I have posted charts showing annual stock market and bond market returns for various indices in recent years for the time periods from 1980-2006 , 1980-2007 , 1980-2008 , 1980-2009 , 1980-2010 , 1980-2011 , and 1980-2012 Shown below is an updated chart including returns from 2013 as shown below (click on the image for a larger view). The London Stock Exchange, arguably now the more well-known exchange, did not come into being until over a century later and it began in a rather surprising place. They made local coffee shops their base and the most popular of these shops for the stock brokers was Jonathan’s Coffee House, located in Change Alley. Using this list, that was known as ‘the Course of the Exchange and other things’, the stock brokers could hold auctions.
A man called John Casting took the initiative and began to list the prices of commodities, provisions and exchange rates, this list was published a few times a week and only for a few days at a time. The popularity of these auction soon grew, more stock brokers began to take part and new companies put their stocks and shares up for sale. Though the stock brokers were initially forced to find a new location for their meetings when they were banned from the Royal Exchange, there were also benefits of not going through the official Royal Exchange channels.
The Royal Exchange was the first stock exchange in England but many brokers continued to frequent the coffee shops instead of the Exchange even after they were allowed to return. Stock brokers continued to visit the coffee shops to buy, sell and trade for many more years and the coffee houses were particularly popular after the Seven Years War The situation became more formal when 150 stock brokers, who had been meeting at Jonathan’s Coffee House, decided to start a more official organisation. It was a popular move and the building became unofficially known as ‘The Stock Exchange’.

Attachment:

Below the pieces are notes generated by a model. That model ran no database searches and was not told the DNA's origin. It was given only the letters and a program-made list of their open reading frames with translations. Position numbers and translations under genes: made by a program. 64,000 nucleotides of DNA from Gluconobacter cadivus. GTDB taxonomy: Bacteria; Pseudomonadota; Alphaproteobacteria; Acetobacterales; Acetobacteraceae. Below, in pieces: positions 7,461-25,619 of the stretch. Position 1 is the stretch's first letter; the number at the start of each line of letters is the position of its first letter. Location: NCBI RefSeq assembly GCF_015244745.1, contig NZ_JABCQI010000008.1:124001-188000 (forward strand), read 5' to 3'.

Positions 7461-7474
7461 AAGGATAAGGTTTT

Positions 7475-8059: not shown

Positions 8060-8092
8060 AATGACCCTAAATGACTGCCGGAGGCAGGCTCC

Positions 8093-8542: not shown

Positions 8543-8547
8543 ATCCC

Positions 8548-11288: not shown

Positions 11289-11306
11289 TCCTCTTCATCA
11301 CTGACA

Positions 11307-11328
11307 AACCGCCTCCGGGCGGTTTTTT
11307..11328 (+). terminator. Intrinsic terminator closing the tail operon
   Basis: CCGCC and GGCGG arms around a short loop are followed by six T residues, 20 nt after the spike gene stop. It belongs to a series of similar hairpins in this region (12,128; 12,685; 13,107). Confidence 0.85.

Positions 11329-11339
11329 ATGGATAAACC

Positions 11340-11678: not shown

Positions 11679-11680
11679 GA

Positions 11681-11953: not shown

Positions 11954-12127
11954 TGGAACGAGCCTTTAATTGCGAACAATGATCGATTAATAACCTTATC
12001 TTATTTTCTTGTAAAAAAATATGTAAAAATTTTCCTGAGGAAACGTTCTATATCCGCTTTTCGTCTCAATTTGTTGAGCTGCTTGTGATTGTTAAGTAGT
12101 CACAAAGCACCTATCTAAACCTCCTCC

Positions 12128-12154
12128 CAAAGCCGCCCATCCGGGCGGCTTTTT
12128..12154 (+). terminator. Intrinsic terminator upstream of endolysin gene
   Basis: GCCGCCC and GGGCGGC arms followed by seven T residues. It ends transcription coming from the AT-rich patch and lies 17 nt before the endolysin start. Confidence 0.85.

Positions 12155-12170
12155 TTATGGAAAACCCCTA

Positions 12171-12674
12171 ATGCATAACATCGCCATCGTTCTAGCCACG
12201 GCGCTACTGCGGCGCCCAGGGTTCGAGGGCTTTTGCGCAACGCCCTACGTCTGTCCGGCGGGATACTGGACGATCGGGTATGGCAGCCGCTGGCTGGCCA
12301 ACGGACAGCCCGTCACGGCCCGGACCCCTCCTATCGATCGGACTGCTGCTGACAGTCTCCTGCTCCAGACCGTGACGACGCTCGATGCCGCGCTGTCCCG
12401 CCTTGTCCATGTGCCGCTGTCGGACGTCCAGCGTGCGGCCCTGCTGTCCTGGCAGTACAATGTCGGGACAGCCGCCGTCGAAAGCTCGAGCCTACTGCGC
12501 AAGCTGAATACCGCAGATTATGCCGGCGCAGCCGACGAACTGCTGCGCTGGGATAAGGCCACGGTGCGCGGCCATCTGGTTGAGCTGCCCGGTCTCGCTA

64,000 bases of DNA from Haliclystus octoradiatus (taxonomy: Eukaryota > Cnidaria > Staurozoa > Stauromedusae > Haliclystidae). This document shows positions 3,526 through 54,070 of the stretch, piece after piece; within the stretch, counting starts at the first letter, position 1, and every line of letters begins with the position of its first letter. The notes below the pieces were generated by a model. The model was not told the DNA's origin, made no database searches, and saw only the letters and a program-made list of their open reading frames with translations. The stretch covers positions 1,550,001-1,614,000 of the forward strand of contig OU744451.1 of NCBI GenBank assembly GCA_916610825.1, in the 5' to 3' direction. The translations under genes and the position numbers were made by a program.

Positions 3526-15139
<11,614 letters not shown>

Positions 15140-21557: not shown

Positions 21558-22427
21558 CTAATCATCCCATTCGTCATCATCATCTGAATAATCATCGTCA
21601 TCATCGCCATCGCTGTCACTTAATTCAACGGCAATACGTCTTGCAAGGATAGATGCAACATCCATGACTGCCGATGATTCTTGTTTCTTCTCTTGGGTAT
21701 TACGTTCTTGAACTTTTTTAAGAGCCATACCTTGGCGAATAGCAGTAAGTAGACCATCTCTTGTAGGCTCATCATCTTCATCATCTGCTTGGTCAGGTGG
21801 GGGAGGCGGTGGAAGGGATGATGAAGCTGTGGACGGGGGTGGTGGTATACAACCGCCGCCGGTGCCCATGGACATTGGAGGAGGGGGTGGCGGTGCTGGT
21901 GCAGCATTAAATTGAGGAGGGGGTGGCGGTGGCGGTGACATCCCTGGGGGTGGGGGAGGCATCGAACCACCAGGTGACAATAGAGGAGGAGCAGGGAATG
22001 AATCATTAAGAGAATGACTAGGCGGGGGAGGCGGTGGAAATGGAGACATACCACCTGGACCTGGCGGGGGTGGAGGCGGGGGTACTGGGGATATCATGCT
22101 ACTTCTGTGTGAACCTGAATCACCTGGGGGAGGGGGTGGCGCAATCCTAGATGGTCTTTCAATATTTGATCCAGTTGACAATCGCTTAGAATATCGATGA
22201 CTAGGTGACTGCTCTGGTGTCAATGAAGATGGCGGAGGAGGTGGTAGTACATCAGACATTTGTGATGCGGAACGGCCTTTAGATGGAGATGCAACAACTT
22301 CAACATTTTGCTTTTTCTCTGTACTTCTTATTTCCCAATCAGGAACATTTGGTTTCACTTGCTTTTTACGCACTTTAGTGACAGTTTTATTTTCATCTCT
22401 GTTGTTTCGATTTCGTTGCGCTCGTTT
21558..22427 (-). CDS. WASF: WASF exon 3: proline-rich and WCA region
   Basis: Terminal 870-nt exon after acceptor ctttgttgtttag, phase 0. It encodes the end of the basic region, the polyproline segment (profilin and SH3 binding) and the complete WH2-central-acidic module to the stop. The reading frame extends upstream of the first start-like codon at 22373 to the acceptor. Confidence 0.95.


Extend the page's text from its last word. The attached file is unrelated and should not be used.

Initially brokers only had to pay an entrance fee in order to take part but after several cases of fraud, the Stock Exchange introduced annual membership fees in 1801. The introduction of membership fees led the organisation to become a regulated exchange – the London Stock Exchange. Since then the London Stock Exchange has been an important centre for all things related to stocks, shares and investment. Though the London Stock Exchange was popular with stock-brokers and those with large amounts of funds at their disposal, it was not as easy for smaller investors to take part.
Other early investment trusts are still running today, such as the Witan Investment Trust, which was founded in 1909 to manage the funds of Lord Farringdon but has since become one of the largest trusts on the Stock Exchange. The London Stock Exchange has come a long way since the 17th century coffee houses and is highly important to the English financial system.